Reply
 
Thread Tools Display Modes
 
Old 02-28-2016, 08:25 PM   #1
Guru
 
ancora's Avatar
 
Join Date: Dec 2007
Posts: 3,490
Useful life?

Saw an article on the new Helmsman Camano for 2016. equipped with a Hyundai Seasall diesel engine. Being unfamiliar with that engine I went on the Hyundai Seasall web page for more info. Accordin' to the data plate:
Application: Recreational
Useful Life: 1,000 hours or ten years.
Can anyone explain the short (to me) life span?
__________________
Advertisement

ancora is offline   Reply With Quote
Old 02-28-2016, 08:33 PM   #2
Guru
 
Steve's Avatar
 
City: Thibodaux, Louisiana
Country: USA
Vessel Name: Gumbo
Vessel Model: 2003 Monk 36
Join Date: Oct 2007
Posts: 3,607
I'd say it must be a typo, bad translation, or advertising exec who wants to be fired.
__________________

__________________
Steve W.
http://mvgumbo.blogspot.com/
Steve is offline   Reply With Quote
Old 02-28-2016, 08:36 PM   #3
Guru
 
City: Melbourne, FL
Country: USA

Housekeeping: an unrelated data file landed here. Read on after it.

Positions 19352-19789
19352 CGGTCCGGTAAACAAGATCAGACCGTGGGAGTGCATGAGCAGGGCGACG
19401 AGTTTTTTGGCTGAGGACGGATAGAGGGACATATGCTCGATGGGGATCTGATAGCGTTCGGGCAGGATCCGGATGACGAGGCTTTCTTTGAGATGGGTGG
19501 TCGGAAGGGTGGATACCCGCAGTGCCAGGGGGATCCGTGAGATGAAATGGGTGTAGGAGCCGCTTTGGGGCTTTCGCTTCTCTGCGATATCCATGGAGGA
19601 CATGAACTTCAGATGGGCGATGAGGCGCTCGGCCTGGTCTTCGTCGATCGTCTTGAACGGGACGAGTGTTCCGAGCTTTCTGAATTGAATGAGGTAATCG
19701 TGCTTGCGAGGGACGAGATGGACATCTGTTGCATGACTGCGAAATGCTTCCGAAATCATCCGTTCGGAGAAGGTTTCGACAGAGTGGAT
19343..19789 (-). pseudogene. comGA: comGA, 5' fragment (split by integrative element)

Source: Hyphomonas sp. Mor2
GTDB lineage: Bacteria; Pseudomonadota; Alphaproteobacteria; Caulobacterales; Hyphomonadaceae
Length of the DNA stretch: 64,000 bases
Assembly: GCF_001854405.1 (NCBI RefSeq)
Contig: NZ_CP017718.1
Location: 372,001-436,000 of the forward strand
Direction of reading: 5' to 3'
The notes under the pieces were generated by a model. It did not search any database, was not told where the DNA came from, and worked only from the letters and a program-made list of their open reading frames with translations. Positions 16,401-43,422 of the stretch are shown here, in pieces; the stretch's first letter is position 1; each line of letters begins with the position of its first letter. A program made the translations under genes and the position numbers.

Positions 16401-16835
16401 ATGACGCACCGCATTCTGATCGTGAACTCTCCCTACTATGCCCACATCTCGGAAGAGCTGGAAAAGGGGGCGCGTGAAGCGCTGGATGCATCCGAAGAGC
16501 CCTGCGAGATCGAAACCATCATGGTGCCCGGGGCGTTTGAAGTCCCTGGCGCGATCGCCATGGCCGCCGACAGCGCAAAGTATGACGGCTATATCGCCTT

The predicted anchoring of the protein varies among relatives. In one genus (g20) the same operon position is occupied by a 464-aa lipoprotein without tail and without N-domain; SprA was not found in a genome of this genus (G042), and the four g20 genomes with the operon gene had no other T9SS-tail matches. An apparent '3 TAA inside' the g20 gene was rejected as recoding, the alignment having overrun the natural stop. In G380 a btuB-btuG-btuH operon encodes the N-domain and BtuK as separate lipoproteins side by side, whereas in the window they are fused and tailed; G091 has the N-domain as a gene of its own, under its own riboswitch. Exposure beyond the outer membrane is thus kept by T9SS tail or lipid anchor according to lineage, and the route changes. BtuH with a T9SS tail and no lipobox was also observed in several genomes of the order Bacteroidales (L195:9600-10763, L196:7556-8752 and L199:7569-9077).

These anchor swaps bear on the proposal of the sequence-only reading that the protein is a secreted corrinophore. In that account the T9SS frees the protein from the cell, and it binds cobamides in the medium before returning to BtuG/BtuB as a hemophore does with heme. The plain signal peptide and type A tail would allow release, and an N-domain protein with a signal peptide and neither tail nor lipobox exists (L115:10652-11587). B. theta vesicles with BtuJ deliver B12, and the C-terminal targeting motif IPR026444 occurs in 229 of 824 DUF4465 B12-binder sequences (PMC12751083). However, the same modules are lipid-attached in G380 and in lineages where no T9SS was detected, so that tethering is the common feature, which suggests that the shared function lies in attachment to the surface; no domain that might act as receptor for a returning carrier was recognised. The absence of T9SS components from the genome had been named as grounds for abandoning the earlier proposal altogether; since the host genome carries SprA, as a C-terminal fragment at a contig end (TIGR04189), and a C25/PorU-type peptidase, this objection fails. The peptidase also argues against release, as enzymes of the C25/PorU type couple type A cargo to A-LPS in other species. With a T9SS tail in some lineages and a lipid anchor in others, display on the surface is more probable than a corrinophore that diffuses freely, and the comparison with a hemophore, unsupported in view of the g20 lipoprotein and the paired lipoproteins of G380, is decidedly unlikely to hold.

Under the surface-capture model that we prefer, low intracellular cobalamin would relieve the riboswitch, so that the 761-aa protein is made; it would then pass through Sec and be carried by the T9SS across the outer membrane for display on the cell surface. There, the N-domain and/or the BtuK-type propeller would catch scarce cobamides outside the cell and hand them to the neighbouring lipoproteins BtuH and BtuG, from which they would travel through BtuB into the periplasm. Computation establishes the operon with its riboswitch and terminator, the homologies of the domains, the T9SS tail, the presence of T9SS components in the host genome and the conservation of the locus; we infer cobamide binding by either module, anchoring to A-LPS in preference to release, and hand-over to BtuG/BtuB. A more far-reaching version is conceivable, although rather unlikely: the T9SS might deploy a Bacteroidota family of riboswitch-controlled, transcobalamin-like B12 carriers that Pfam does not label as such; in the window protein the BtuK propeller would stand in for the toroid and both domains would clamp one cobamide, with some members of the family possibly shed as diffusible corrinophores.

Join Date: Dec 2014
Posts: 918
For an inboard diesel engine, that is very short, IMHO. That is similar to the old mercruiser engines cooled with raw seawater.

If it is a CRD, then they have lots more moving parts like high pressure fuel pumps, computer controlled injectors and sensors all around. A failure in nearly any part of that system means it won't run.

Are there other engine options?
stubones99 is offline   Reply With Quote
Old 02-28-2016, 08:39 PM   #4
Enigma
 
RT Firefly's Avatar
 
City: Slicker?
Country: Bumpkin?
Join Date: Oct 2007
Posts: 9,996
Greetings,
I've got a leaf blower that meets California emission codes for that particular tool BUT only for the first 50 hours. Still runs great but in California, it would probably be legally past it's useful life.
__________________
RTF
RT Firefly is offline   Reply With Quote
Old 02-28-2016, 10:54 PM   #5
Guru
 
MYTraveler's Avatar
 
City: West Coast
Country: USA
Join Date: Apr 2014
Posts: 852
yep. emissions thing.
MYTraveler is offline   Reply With Quote
Old 02-28-2016, 11:25 PM   #6
Guru